Queen Mary University London is the first in the capital to join Too Good To Go’s war on food waste. QMUL students can now collect great food from outlets at a reduced price just before closing time in order to save it from being thrown away, helping their pockets as well as helping the planet!

We caught up with Mo, manager of QMUL’s Village Shop site, to find out why sustainability is so important to the University and why they’ve joined forces with Too Good To Go.

Can you start by telling us a little bit about the food outlets you have on QMUL Campus?

We have four café and retail sites on Mile End campus, all within close proximity to one another.

What does good food mean to you?

Good food to me means food that tastes delicious, of course at a reasonable price!

Why did you choose to join Too Good To Go in the fight against food waste? What excites you most about the Too Good To Go project?

The start of term I had the role in trying to tackle and reduce food waste in our cafes and shops. Naturally there will be wastage of some sort, due to the risk of holding more stock to increase sales. So finding that stock level balance of ordering just enough sandwiches, salads, baguettes and wraps to last the day without running out or having too much was a difficult task. No one likes to waste food, especially when there are people in London finding it difficult to put food on their table. The Too Good To Go app gives people that option of buying a meal that is affordable, with the food being perfectly edible. Having this app in a University setting particularly excites me from a student perspective. Being a former student, balancing finances during studies was challenging, and TGTG app offers students to buy an inexpensive  dinner or lunch in line with their weekly budget.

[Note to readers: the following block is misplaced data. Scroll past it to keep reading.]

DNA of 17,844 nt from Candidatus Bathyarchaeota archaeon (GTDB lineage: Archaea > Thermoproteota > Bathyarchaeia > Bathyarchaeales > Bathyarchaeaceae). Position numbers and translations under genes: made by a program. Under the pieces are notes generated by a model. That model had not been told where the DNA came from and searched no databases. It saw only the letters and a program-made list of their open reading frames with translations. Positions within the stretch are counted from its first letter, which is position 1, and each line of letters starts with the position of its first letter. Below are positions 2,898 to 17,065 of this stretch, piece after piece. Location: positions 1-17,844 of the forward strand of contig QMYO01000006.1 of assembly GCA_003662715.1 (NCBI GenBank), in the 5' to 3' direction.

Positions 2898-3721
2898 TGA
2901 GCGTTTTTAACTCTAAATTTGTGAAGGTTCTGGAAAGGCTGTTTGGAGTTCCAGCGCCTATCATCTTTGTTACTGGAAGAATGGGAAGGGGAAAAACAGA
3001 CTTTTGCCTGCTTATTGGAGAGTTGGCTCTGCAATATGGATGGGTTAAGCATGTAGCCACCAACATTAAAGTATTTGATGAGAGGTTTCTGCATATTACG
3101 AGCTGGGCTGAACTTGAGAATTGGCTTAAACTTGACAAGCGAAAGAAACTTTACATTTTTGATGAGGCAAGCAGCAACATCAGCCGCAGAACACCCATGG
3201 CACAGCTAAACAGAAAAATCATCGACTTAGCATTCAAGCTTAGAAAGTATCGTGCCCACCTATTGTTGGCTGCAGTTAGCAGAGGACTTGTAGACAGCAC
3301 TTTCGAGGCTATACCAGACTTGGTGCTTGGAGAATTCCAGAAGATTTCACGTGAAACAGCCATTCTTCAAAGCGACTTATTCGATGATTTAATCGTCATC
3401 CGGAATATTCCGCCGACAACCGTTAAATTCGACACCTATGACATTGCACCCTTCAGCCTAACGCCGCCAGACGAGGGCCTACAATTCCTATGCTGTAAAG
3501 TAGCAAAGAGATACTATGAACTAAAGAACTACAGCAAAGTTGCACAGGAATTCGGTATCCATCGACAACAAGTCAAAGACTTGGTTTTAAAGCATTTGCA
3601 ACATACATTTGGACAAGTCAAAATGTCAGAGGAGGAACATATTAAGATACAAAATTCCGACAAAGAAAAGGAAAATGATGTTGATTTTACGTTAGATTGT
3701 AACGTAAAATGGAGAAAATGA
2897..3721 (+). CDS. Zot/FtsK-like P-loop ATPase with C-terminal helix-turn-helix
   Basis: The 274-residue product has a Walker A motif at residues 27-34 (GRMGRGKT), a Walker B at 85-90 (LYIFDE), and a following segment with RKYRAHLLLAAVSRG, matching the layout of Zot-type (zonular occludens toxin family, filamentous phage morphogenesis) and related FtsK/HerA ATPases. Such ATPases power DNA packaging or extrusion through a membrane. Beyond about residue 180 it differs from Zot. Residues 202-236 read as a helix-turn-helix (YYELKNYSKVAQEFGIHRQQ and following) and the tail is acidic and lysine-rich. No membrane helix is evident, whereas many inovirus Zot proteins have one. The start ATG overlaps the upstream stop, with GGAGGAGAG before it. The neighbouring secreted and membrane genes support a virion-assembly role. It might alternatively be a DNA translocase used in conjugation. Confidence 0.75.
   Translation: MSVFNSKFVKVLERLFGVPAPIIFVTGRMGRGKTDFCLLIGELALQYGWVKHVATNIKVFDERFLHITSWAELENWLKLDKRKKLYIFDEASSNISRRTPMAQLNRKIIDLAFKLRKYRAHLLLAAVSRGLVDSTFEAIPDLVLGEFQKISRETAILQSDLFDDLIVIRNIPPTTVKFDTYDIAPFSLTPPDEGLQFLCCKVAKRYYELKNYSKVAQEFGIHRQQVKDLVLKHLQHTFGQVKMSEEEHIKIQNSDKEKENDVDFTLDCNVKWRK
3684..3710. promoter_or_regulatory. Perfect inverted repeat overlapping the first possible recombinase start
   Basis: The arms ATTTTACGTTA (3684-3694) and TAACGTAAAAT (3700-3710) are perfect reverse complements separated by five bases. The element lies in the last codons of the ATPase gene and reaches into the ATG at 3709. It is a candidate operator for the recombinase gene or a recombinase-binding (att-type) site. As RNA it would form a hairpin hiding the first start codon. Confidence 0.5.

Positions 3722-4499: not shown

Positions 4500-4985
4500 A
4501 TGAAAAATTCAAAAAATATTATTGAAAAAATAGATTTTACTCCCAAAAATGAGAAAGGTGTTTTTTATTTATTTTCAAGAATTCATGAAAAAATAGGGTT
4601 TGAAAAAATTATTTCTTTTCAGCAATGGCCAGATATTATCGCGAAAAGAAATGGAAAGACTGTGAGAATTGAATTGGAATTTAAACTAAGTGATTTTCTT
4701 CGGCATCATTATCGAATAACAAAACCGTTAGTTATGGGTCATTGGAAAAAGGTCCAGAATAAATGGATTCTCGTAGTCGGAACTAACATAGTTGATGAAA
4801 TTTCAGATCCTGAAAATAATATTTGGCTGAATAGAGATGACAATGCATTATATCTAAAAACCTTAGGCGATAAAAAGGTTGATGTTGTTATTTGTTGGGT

How important is it to you that QMUL is one to the first Universities to start working with Too Good To Go? Are you hoping other educational establishments follow suit?

For us as a Students Union our aim is to improve students’ lives, and I hope QMUL will be at the forefront and be used as an example for other educational establishments to follow suit and help students as well as staff tackle the problem of food waste.

How else do you manage your wastage on a day-to-day basis?

We were fortunate enough to work with Hackney night shelter, who provided breakfast, lunch and dinner meals to the homeless.

When people think about ‘waste’, they often think scraps off people’s plates – stuff that’s no good to be eaten. How do you think we can overcome this perception?

I think we can communicate and promote pictures of the good food that’s on offer, and try get some support from existing customers on their experience in using the app or similar initiatives to overcome this perception. Moreover, we would encourage everyone to come and give Too Good To Go as soon as they can and come and see for themselves!

Finally, what can TGTG customers expect when they order from one of the QMUL sites?

Good food! The suppliers we use are carefully sourced to make sure we are providing the best possible products to our customers. We have been trading with some suppliers for over 10 years, and they continuously improve their extensive menu to cater for customers tastes. We  do a large range of halal, vegetarian and gluten free products.

Too Good To Go QMUL sandwich